Objective #4: To sustain and improve the economic viability of the business community, to enhance the vitality of all business areas, and to retain and create new employment opportunities for area residents. Proposed actions include maintaining infrastructure necessary for industrial and commercial businesses, increasing the use of signage downtown, and providing technical assistance to businesses.

Objective #5: To ensure that strategies, goals, and programs of the community are responsive to community needs, are well-designed, and are coordinated with other community organizations for the most effective delivery of service.

Antipoverty Strategy

Although Arlington Heights does not have specific areas of highly concentrated poverty, it is a goal of the village to preserve and create more affordable housing opportunities for persons with incomes below the poverty level. It is also the village's intent to assist and coordinate projects to serve low-income persons -- such as programs for the elderly, the homeless, youth, crime victims, and those in need of medical services.

Housing and Community Development Resources

Arlington Heights will be relying primarily on CBBG funds to carry out its Consolidated Plan. Other Federal and State resources will be investigated and pursued where appropriate. Private resources will be leveraged with CDBG funds when possible.

Coordination of Strategic Plan

The village is planning a series of steps to enhance coordination between public and private groups: a series of public meetings and hearings to facilitate communication among citizens, community organizations, private institutions, and the village; annual meetings among the village, financial institutions, services providers, and housing providers to coordinate housing programs; and biannual meetings for Cook County and northwestern suburban governments to discuss regional needs and strategies.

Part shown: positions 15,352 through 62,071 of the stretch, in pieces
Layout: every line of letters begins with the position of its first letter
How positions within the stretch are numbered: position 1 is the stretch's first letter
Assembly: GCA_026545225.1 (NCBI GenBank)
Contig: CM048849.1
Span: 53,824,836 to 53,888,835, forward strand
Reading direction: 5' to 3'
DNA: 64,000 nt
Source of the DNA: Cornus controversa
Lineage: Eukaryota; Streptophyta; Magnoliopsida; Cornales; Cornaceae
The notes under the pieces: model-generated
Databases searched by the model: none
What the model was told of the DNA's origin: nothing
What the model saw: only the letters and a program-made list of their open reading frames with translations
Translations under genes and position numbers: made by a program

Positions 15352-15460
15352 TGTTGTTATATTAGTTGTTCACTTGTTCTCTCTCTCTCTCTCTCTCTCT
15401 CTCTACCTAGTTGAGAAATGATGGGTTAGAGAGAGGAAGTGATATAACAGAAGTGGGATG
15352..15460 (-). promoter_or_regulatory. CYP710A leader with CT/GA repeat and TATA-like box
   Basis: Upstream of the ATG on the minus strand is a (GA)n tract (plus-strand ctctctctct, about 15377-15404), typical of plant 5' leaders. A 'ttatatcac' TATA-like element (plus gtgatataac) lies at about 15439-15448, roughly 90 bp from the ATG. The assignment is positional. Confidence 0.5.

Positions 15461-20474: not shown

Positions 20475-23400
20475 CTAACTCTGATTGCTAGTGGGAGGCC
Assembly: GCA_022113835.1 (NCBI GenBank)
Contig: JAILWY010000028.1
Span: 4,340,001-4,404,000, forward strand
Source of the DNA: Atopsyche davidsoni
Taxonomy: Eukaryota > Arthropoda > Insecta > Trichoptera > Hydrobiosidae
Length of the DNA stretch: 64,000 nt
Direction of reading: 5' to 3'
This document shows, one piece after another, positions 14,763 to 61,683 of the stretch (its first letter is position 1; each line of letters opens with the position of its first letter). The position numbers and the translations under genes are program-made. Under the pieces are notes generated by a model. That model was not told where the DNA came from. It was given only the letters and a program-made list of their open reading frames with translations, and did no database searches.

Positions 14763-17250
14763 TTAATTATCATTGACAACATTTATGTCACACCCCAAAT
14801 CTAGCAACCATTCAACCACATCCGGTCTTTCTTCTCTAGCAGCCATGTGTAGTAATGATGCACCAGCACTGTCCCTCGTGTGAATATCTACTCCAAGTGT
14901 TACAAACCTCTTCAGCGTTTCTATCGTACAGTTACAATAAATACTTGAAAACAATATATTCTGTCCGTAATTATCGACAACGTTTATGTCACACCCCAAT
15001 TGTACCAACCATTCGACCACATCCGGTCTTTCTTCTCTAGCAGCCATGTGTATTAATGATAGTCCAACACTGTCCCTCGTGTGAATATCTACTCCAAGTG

The Department of Planning and Community Development will administer CDBG funds and monitor each CDBG subgrantee. Subgrantees will include other government agencies and several nonprofits.


The One-Year Action Plan outlines the proposed uses of $647,000 in CDBG, estimated program income, and HUD First-Time Homebuyers Program funds. An unspecified amount of local funds will be used for action plan activities.

Description of Key Projects


Most of the One-Year Action Plan programs and projects are available to the entire geographic area of the village, but many are targeted to persons with incomes below the poverty line and/or specific populations, such as the elderly or children.


MAP 1 depicts points of interest in the jurisdiction.

MAP 2 depicts points of interest and low-moderate income areas.

MAP 3 depicts points of interest, low-moderate income areas, and minority concentration levels.

MAP 4 depicts points of interest, low-moderate income areas, and unemployment levels.

MAP 5 depicts points of interest, low-moderate income areas, unemployment levels, and proposed HUD funded projects.

MAP 6 is a map, sectioned by neighborhood, which depicts points of interest, low-moderate income areas, unemployment levels, and proposed HUD funded projects.

MAP 7 depicts points of interest, low-moderate income areas, unemployment levels, and proposed HUD funded projects within one of the four neighborhoods indicated in MAP 6.

MAP 8 depicts points of interest, low-moderate income areas, unemployment levels, and proposed HUD funded projects within another of the four neighborhoods indicated in MAP 6.

MAP 9 depicts points of interest, low-moderate income areas, unemployment levels, and proposed HUD funded project(s) from a street level vantage point; in addition, a table provides information about the project(s).

To comment on Arlington Heights' Consolidated Plan, please contact:

Nora Vogt, Planner
Department of Planning and Community Development
Village of Arlington Heights
33 S. Arlington Heights Rd.
Arlington Heights, IL 60005

Phone #708-577-5672
Fax #708-590-7832
(No internet address available)
BBS I.D. is Nora Vogt